Dangerous, Common Drug Interactions
December 29, 2017
Results from a new poll conducted by the University of Michigan Medical School are in and the data confirms that too few Americans are aware of common and dangerous drug interactions. Although older individuals in particular are more likely to take more than one prescription medication, only one-third say they discuss possible medication interactions, potential risks and side effects with their doctor(s).
Many medications can interact with one another, sometimes causing fatal complications in patients. Even for individuals taking six or more different prescription medications, researchers found that fewer than 50% discussed interactions with medical professionals. Many patients see more than one doctor or specialist for a variety of health problems; this increased number of prescribers can decrease the chances for open and clear communication about the risks and benefits of taking various medications at the same time.
Another issue that sometimes makes it more difficult for prescribers and pharmacists to know just how many medications – and what types they are – a patient is taking is when he or she picks up prescriptions from more than one pharmacy. In this case, a pharmacist may be unaware of what other medicines have been filled and where, which can limit his or her ability to give adequate warnings about possible drug interactions.
Regardless of whether or not a patient has more than one doctor or fills his or her prescriptions at more than one pharmacy, it remains the legal duty of both the prescribing doctor and the pharmacist to properly identify possible drug interactions as well as to comprehensively monitor for side effects. It isn’t difficult to prevent a dangerous drug interaction from occurring – but in order to ensure this and limit the number of injuries and deaths that happen, prescribing doctors and pharmacists need to adequately screen for potential complications.
For these reasons, researchers at University of Michigan’s Medical School and the American Association of Retired Persons (AARP) believe that individuals – especially those between the ages of 50 and 80-years-old – need to be particularly vigilant about disclosing every medication they take to their doctor(s) as well as their pharmacist(s). For people who take multiple medications, it can be difficult to keep track of what they are all as well as their generic or brand names. Keeping a record of any current medications will help nurses, doctors and pharmacists know what drugs are – and are not – safe to prescribe.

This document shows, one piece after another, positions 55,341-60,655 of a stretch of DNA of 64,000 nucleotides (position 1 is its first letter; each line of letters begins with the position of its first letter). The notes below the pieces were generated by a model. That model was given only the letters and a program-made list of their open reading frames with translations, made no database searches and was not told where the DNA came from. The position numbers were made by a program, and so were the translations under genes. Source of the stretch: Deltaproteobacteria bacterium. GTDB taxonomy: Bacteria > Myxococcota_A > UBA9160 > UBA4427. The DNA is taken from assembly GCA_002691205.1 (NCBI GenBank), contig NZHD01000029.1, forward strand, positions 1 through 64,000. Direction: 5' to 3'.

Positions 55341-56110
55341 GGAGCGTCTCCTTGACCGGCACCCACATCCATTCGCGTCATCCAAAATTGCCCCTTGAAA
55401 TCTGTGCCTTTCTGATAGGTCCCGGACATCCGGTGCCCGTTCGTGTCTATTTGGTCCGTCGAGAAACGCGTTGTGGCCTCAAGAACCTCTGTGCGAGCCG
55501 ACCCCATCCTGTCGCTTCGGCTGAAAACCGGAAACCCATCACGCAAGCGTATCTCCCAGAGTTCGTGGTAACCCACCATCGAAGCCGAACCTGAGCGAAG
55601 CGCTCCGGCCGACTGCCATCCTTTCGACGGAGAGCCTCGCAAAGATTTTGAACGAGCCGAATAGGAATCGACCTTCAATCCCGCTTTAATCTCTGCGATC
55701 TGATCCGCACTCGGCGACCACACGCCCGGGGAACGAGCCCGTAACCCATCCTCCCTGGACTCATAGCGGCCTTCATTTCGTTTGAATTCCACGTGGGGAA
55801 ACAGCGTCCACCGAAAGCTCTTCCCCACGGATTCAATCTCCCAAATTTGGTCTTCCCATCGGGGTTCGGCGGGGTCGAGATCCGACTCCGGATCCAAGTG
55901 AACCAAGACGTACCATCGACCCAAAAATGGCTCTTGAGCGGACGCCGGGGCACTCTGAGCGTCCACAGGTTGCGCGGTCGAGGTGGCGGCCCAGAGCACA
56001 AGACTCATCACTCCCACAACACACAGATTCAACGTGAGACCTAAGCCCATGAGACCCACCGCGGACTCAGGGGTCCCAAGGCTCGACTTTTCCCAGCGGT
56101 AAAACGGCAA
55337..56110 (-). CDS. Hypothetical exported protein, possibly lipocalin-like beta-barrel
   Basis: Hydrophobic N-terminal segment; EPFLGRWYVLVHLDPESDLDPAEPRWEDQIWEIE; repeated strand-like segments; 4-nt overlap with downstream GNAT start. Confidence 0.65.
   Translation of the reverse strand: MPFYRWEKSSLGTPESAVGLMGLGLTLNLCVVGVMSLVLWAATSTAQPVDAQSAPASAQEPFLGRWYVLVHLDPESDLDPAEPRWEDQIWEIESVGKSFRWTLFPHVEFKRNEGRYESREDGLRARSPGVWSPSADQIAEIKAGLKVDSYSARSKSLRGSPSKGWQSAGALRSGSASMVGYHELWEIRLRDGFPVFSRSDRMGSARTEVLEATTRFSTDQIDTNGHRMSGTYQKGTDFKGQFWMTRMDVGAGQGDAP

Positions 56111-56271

New medications are introduced all the time, and complications from medications that interact dangerously with one another can range from mild to severe. Prescribing medications that cause lethal symptoms when combined is one of the reasons that medical errors are the third-leading cause of death across the United States. Harvard Medical School says that individuals may be able to limit their risks by:
- Filling all prescriptions at the same pharmacy;
- Knowing the reason for taking each medication as well as how to take each one correctly (e.g. with food, at a certain time, etc.);
- Watching out for grapefruit juice, which can interact dangerously with several different medications;
- Having a discussion with the pharmacist about any questions or concerns about medications, side effects and potential interactions with other prescriptions, and:
- Observe guidelines for drinking alcohol and operating machinery
Even if a person suspects that their medications are interfering with one another or causing other health problems, it is important to talk with a doctor directly before discontinuing any prescribed medication. If you became ill, disabled or required medical treatment because a doctor or pharmacist failed to identify a medication reaction, please contact a representative at our firm so that we can help.
Philadelphia Products Liability Lawyers at Galfand Berger, LLP Represent Individuals Injured by Drug Interactions
If you became ill or injured due to a dangerous medication interaction or because your medication was unsafe, please contact our Philadelphia products liability lawyers at Galfand Berger. With offices located in Philadelphia, Bethlehem, Lancaster, and Reading, we serve clients throughout Pennsylvania and New Jersey. To schedule a consultation, call us at 800-222-8792 or complete our online contact form.